A receiver, who was appointed over the lands of a family from Co. Limerick has gone to court, in an attempt to gain access to the farm, as reported by breakingnews.ie.
This is because the family owe over €1.5m in bank loans, with the 187-acre farm now at risk. The farm is owned by Frank and Oonagh Burke, from Donoman Co. Limerick. They opposed the admission of the case to the Commercial court, while they also argued it should be instead heard by the circuit court.
Marcus Purcell, the man appointed the receiver over the lands, of Ernst & Young sought a declaration as to where he stood as receiver of the lands. He also appeared to obtain a restraining order against the family from obstructing from taking possessions or preventing him to enter the land.
The court heard that in 2013, Ulster Bank had extended two loan facilities to the Burke family, which amounted to €1.49m. The loans were so the pair could extend the farm and but new land as well as investing in residential property. The loans were obtained, with mortgages on the Burke Property.
The bank’s rights title was then acquired by Promontoria Aran Ltd, as well as interest in the Burke’s loans back in 2015. In October of that same year they demanded repayment of the outstanding loan.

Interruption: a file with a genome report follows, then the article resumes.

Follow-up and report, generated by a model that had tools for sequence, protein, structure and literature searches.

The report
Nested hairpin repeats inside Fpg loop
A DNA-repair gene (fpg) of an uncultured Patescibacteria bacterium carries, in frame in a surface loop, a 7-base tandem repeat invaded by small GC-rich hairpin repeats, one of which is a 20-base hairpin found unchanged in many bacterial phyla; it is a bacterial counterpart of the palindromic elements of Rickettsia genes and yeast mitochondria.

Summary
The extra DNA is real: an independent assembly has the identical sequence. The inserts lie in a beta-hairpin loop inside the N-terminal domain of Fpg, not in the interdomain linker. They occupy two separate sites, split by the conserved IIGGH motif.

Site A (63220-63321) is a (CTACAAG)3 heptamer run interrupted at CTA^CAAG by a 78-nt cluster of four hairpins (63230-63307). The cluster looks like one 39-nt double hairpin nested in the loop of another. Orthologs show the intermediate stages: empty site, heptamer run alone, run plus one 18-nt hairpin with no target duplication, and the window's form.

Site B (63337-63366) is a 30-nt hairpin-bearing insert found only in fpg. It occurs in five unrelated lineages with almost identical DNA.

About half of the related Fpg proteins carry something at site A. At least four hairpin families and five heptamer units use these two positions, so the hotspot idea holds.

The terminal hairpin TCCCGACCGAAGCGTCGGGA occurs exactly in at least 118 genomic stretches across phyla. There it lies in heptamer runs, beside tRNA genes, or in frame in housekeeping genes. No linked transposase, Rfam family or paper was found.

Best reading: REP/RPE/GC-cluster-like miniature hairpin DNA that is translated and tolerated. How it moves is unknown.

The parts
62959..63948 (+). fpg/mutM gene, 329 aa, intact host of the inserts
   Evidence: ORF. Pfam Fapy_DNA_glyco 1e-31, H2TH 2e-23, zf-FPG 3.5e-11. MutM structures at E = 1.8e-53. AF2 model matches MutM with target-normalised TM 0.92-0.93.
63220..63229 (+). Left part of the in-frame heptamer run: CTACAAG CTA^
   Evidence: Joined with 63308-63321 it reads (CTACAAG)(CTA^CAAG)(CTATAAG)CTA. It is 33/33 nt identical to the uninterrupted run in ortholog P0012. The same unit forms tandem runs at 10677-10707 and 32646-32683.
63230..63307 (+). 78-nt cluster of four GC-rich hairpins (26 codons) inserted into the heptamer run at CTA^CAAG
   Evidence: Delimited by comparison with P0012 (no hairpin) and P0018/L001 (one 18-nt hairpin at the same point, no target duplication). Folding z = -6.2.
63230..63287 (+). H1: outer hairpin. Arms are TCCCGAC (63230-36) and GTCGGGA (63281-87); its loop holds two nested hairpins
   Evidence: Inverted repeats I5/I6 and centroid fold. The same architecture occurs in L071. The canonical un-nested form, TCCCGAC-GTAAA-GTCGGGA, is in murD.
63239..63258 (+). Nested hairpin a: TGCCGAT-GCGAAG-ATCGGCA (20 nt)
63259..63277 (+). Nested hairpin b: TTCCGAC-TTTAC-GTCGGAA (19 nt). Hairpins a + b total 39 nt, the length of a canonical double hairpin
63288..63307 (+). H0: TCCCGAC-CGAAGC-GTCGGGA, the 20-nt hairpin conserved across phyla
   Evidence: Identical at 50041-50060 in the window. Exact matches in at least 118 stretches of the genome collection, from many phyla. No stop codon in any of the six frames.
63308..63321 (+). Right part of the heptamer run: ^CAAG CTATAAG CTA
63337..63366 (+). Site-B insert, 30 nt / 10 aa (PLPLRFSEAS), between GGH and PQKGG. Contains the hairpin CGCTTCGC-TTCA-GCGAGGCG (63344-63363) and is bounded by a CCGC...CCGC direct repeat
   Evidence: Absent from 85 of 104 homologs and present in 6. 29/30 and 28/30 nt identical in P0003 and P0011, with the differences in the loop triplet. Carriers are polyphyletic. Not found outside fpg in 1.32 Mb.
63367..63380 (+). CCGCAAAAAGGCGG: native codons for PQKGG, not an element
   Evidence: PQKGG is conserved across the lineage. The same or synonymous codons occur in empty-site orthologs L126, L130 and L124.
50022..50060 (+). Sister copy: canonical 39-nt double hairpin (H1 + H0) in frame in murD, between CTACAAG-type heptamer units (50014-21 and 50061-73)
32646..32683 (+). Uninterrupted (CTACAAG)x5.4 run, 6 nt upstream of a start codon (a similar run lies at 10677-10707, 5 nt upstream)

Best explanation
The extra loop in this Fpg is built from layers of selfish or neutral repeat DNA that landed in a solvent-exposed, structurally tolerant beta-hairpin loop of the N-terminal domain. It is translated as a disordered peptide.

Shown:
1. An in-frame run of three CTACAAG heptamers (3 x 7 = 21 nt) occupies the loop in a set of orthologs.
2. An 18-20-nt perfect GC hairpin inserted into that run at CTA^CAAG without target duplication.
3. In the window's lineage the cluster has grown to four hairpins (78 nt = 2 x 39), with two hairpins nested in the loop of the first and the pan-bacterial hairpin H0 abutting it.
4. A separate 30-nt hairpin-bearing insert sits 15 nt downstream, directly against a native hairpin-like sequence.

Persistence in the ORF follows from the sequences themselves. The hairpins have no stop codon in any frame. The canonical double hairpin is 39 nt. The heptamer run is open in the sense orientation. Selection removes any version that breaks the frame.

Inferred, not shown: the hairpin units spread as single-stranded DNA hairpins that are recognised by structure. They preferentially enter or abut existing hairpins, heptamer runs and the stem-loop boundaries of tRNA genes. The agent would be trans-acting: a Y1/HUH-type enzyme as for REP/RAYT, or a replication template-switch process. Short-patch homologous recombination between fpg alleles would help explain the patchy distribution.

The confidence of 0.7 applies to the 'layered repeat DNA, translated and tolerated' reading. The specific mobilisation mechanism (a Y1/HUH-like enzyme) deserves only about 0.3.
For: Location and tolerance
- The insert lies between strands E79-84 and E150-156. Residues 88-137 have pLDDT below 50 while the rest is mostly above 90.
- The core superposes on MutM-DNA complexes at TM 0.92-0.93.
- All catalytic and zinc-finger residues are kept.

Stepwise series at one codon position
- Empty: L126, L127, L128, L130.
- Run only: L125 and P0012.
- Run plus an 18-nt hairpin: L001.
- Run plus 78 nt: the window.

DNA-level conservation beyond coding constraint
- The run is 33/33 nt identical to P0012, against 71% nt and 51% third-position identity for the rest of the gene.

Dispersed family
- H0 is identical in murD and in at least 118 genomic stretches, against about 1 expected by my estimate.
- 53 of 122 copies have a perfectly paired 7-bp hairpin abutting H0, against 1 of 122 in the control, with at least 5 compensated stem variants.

The receiver, Mr. Purcell, was appointed over the lands in February 2016 and said he had asked a farmworker, Dean Boddy, who lived on a property on the land to give up vacant possession. The courts heard that he allegedly failed to confirm in writing that he would do that.
The value of the land is estimated to be in the region of €1.6million and Mr. Purcell told the courts that there was engagements between the two parties. He also admitted that at one time he even decided against instituting legal proceedings in relation to the land, as Oonagh Burke was ill and about to have an operation.
The courts heard that Purcell had made a request, through the Burke’s solicitor, that they give up vacant possession of the property in May and June of this year. This is what led to court proceedings, which commenced in September.
The couple, Purcell said, are continuing to refuse to provide him with vacant possession of the land, thus preventing him to carry out his duties as receiver. He spoke of his anxiousness that he was heard and matters solved by a court as soon as possible, so that the lands can be sold.
The case will be again in the courts, in April 2018.